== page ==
The New York Times', Denise Caruso, has written an insightful piece,Securing Very Important Data: Your Own - New York Times, on the proliferation of online identifies and efforts ( or lack of ) by Web 2.0 technologies to protect that data.
As long as we are willing to relinquish some personal data, Web applications have long allowed us to create virtual identities that can conduct most of the social and financial transactions that typify life in the real world.
As a tech geek I have been at the fore using a lot of these applications to live my online life with easy. However this ease of use does come with an increased risk of fraud and potential misuse of data and the publics trust.
But the newest generation of these services is starting to collect and store far more than just the standard suite of identity data — name and address, phone, Social Security or credit-card numbers — that populates the databases of banks and credit-card processors. They increasingly store information, generated by us, that is directly linked to those virtual identities.
I have often worried about this. Not so much that it keeps me up at night but enough that I routinely review the privacy and usage policies of these sites. I have to trust that the companies will do what they said they would. I believe that these companies have a lot to use if they misuse any information provided by the customer. It has taken people a long time to even consider moving their lives (mostly electronic banking and shopping ) online and news of any kind of impropriety would spread like wildfire on the 'Net.
One site that I have been excited about lately is Mint.
In exchange for customers uploading their account information and allowing sponsors to offer them specialized services, Mint will connect nightly to their credit-card providers, banks and credit unions. Then it automatically updates transactions and accounts, balances their checkbooks, categorizes their transactions, compares cash with debt and, based on their personal spending habits, shops for better rates on new accounts and credit cards.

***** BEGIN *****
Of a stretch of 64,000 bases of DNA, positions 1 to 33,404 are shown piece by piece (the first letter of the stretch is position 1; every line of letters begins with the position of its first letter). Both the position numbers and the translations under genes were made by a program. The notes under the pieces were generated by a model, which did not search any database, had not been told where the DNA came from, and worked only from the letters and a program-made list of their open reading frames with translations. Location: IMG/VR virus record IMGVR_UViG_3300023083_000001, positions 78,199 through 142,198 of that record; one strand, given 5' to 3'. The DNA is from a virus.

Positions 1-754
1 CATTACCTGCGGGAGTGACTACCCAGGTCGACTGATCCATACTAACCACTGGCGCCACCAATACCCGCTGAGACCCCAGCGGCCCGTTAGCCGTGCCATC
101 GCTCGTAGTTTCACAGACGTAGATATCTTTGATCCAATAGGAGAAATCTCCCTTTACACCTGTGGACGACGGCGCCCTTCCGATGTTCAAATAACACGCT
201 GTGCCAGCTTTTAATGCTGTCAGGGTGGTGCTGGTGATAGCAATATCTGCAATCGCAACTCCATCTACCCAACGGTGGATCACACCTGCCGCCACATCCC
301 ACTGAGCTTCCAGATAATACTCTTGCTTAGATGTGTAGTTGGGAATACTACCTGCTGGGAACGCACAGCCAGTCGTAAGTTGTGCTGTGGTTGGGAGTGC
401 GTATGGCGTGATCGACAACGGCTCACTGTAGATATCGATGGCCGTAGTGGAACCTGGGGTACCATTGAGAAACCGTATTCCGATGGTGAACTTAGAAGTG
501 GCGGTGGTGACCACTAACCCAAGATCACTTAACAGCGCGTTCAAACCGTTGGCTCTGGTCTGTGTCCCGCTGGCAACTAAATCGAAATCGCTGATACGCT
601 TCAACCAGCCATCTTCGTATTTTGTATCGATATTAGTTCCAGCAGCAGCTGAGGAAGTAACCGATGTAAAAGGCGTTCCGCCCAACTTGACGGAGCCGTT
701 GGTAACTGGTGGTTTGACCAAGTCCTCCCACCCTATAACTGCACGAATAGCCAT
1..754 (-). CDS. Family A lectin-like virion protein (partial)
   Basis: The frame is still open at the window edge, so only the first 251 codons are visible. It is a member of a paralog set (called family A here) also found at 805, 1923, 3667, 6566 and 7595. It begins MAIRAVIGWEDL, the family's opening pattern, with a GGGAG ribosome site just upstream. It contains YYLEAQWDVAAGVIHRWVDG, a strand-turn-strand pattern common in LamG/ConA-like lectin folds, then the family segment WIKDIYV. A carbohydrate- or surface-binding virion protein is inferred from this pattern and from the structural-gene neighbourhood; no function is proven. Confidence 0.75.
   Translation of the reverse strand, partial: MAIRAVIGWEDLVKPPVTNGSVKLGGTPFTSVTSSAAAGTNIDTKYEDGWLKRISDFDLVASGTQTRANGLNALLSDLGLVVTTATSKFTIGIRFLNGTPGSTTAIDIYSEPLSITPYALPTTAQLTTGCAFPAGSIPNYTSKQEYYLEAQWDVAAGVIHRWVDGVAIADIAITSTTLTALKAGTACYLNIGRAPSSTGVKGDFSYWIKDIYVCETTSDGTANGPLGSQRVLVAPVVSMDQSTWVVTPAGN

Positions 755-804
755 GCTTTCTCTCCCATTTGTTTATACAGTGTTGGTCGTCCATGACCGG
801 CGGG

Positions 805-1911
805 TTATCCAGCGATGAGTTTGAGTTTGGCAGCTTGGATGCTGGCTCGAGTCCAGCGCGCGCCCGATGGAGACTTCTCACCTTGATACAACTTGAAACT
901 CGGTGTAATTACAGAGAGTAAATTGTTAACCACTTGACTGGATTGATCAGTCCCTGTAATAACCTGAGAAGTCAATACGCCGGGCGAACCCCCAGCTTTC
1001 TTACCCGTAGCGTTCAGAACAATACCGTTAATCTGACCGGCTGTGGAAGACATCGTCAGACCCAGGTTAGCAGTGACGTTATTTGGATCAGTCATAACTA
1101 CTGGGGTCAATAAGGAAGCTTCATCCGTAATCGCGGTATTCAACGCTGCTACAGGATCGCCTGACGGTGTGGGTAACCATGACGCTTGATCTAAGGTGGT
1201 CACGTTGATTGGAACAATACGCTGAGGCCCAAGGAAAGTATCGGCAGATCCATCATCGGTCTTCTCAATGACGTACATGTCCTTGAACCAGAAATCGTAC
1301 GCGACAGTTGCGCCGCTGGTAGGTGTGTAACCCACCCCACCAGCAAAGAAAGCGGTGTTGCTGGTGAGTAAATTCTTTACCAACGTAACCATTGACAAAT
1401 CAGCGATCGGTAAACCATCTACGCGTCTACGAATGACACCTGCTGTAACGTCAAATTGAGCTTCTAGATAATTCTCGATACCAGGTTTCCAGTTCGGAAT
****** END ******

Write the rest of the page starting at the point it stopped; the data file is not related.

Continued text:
Wow! Now that is what I had expected from Quicken. Quicken stopped being useful to me a few years ago. Despite having hooks into all the major banks for electronic download and submittal of transactions I found myself asking "where's the value in this?". Yes, I can graph my net-worth and spending trends but I wanted deeper analysis and I wanted to take a look at my financial picture at any time. Not just when I was on the one computer with and installed copy of Quicken.
However, these online services do collect a significant amount of personal data and with all the linking and connecting etc. there is a real risk that a compromise in one service and lead to failure in another.
As a result, some security experts are starting to ask whether the “identity data-for-services” business model, which is the engine for virtually all e-commerce companies, is a fair trade — not just for consumers, but for business as well.
Security researchers and professionals are working on ways to facilitate collaboration and transactions without the need for extensive data sharing.
To this end, Mr. Neuenschwander and his colleagues have floated the intriguing concept of the L.L.P.: the Limited Liability Persona. This persona would be a legally recognized virtual person in which users could “invest” the financial or identity resources of their choosing.
But if a company loses or tampers with an L.L.P’s data, “the law allows me to sue them because it’s corporate information,” Mr. Neuenschwander said. “It’s digital-rights management,” he added, referring to the access control technologies used by publishers and other copyright holders to limit use of digital media, “only you’re acting on behalf of your own organization.”
Sound like the idea is to extend the concept of the corporation ( a Limited Liability Corporation or LLC ) to the individual. Sounds like a great idea. Corporations sometime seem to enjoy more rights that private citizens and this may be one way to deal with them on somewhat even footing. Do I get the tax breaks as well?
(Via The New York Times.)